Letter to the Editor: Follow Gandhi’s approach when responding to vaccine aversion
Letters to the Editor
I am a longtime AAP member practicing in San Juan County, Washington, which is a highly
In spring 2014, an outbreak of measles imported from the Philippines created havoc
on our islands. Its cost to county public health services and to several local businesses
was enormous. We attempted to empathically promote science and temper the emotion
as well as refuse to sign the Washington State vaccine exemption form. There was some
success in changing hearts and minds but very limited.
As the outbreak wound down, I recalled the final paragraph of Albert Camus’ “The Plague”:“And, indeed, as he listened to the cries of joy rising from the town, Rieux remembered
that such joy is always imperiled. He knew what those jubilant crowds did not know
but could have learned from books: that the plague bacillus never dies or disappears
for good; it can lie dormant for years and years in furniture and linen chests; it
bides its time in bedrooms, cellars, trunks, and bookshelves; and perhaps the day
would come when, for the bane and the enlightening of men, it would rouse up its rats
again and send them forth to die in a happy city.”
Five years later, vaccine aversion has grown and has been aggressively politicized.
AAP members are at a point in the struggle against anti-vaccine ignorance where we
must begin to think about expanding our efforts on behalf of all children. It is clear
that we may be at a tipping point for measles again becoming endemic in North America.
This is unconscionable and demands increased levels of commitment and action by all
Gandhi used the Sanskrit word Satyagraha, meaning “clinging to truth,” in reference to his campaigns in South Africa and India,
such as the famous Salt Satyagraha march of 1930. Satyagraha is a positive and spiritually-based
form of resistance that starts in the heart of the resister and inevitably produces
creative action. The term is used today to mean both the general principle of “clinging
to truth,” which is necessary for nonviolent work, and direct as in Gandhi’s campaigns
in South Africa and India as well as Dr. Martin Luther King’s in the United States.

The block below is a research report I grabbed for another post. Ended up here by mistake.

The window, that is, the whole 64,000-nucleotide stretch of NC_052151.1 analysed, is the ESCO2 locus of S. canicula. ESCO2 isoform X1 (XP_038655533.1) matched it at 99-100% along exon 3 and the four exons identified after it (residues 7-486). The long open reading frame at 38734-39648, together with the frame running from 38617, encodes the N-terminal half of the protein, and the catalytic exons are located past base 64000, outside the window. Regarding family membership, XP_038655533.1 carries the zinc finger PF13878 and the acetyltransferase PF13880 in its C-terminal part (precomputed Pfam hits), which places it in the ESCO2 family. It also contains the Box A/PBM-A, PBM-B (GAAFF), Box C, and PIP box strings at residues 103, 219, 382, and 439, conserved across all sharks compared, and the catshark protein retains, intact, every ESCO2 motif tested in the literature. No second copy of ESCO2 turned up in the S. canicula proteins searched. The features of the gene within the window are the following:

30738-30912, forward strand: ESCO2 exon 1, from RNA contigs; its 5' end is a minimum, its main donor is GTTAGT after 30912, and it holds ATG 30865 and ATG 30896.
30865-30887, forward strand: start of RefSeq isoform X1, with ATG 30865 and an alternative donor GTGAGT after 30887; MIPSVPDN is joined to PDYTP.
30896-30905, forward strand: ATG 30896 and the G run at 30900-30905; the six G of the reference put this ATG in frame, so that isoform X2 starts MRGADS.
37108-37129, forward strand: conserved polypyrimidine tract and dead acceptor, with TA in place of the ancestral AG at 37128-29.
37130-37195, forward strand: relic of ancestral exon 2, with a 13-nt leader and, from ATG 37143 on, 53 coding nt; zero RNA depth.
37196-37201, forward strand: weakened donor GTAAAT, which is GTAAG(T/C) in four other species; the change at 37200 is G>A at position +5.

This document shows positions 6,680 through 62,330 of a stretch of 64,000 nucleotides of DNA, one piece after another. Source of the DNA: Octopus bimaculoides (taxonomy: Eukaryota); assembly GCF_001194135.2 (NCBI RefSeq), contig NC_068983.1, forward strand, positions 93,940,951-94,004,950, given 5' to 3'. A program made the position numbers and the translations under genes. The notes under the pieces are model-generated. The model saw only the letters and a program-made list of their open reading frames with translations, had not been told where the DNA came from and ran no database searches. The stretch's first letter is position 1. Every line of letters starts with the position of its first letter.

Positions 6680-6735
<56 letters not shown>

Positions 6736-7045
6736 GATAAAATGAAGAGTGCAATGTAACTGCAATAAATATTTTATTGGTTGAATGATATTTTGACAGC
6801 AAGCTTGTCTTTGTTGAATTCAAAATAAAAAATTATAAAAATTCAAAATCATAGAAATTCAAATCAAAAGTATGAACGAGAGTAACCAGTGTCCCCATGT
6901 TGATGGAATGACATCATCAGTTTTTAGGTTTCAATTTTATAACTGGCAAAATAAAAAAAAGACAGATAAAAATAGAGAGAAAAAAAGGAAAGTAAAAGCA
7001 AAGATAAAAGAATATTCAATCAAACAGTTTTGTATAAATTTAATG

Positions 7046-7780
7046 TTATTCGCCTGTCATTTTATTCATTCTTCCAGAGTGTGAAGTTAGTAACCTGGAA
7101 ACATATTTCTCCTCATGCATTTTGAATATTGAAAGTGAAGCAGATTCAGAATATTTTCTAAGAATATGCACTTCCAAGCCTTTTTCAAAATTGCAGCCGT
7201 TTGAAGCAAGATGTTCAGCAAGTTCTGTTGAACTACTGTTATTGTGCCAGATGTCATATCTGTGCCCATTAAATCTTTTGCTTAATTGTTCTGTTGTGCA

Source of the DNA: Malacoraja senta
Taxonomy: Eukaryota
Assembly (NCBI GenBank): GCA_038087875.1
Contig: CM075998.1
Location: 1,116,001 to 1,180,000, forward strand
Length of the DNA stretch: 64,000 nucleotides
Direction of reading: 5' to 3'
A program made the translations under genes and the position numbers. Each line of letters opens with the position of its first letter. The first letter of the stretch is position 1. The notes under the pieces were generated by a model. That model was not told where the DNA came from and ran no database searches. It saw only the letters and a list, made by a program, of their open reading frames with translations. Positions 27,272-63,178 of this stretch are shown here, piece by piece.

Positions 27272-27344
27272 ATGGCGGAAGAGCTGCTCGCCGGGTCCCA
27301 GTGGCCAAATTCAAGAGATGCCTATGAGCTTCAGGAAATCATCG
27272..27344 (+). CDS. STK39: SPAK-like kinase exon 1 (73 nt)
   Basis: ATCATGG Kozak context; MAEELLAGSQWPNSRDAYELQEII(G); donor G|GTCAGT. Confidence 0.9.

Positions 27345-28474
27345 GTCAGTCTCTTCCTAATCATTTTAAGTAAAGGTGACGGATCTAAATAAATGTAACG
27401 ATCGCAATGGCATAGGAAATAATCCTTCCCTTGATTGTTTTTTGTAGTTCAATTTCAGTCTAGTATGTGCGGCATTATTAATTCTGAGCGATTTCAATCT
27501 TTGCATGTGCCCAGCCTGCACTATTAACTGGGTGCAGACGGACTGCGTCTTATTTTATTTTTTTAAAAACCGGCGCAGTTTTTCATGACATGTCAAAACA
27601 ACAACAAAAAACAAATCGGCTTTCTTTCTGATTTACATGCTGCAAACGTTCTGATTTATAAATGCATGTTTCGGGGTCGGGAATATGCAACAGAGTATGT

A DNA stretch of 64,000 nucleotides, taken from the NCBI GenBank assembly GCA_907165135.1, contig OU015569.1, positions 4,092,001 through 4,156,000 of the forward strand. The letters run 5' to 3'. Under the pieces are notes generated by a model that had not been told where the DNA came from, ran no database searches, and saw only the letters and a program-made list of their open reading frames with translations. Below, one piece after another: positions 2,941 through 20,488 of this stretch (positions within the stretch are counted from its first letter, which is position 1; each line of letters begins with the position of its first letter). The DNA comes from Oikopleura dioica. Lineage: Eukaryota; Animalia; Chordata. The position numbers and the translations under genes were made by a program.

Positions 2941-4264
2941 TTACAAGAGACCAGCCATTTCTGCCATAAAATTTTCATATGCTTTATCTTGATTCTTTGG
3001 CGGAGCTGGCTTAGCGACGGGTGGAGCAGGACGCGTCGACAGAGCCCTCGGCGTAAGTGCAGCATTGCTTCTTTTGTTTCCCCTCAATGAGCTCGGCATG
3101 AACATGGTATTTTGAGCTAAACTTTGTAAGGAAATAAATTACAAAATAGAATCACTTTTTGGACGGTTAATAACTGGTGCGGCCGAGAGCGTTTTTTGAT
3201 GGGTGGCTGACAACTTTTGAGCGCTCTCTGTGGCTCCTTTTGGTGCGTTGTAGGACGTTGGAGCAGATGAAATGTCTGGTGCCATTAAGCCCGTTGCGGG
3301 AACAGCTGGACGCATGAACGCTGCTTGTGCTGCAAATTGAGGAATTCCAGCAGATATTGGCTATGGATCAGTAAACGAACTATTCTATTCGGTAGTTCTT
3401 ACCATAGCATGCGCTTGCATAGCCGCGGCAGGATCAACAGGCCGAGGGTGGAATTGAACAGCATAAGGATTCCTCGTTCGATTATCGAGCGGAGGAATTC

Following is a classification of some of the actions that can be used in Satyagraha
campaigns, provided the principles of nonviolence are upheld.
Negotiations and education: pediatricians’ current outreach.
Arbitration: continue to work for elimination of nonmedical exemptions.
Agitation (without breaking the law).
Demonstrations of various kinds (without breaking the law): picketing.
For years, we have done the first two with apparent limited success. Whether the next
two will be of any value is debatable when dealing with the “true believers” and their
opportunistic politician supporters.
Limited strikes of short duration: refusal to sign exemption forms; exclusion of unimmunized
patients from waiting rooms.
General strike: no care for unimmunized children.
Economic boycott of family businesses that do not support vaccination.
Social boycott: exclusion of unimmunized children from child care and extracurricular
We are at this point on the continuum. Pediatricians must refuse to sign exemption
forms and consider at least one national day of office closure (except for true emergencies)
and a day of fasting to reflect on our values. We also should publicly boycott any
business owned by anti-vaxxers and encourage our families who support vaccination
to do the same.
Extensive institutional non-cooperation
One would hope it would never come to this, but all must be held in reserve. So far,
punishing kids by practice exclusion for their parents’ folly has been limited nationally
but may need to be more formally included in the strategy of all physicians.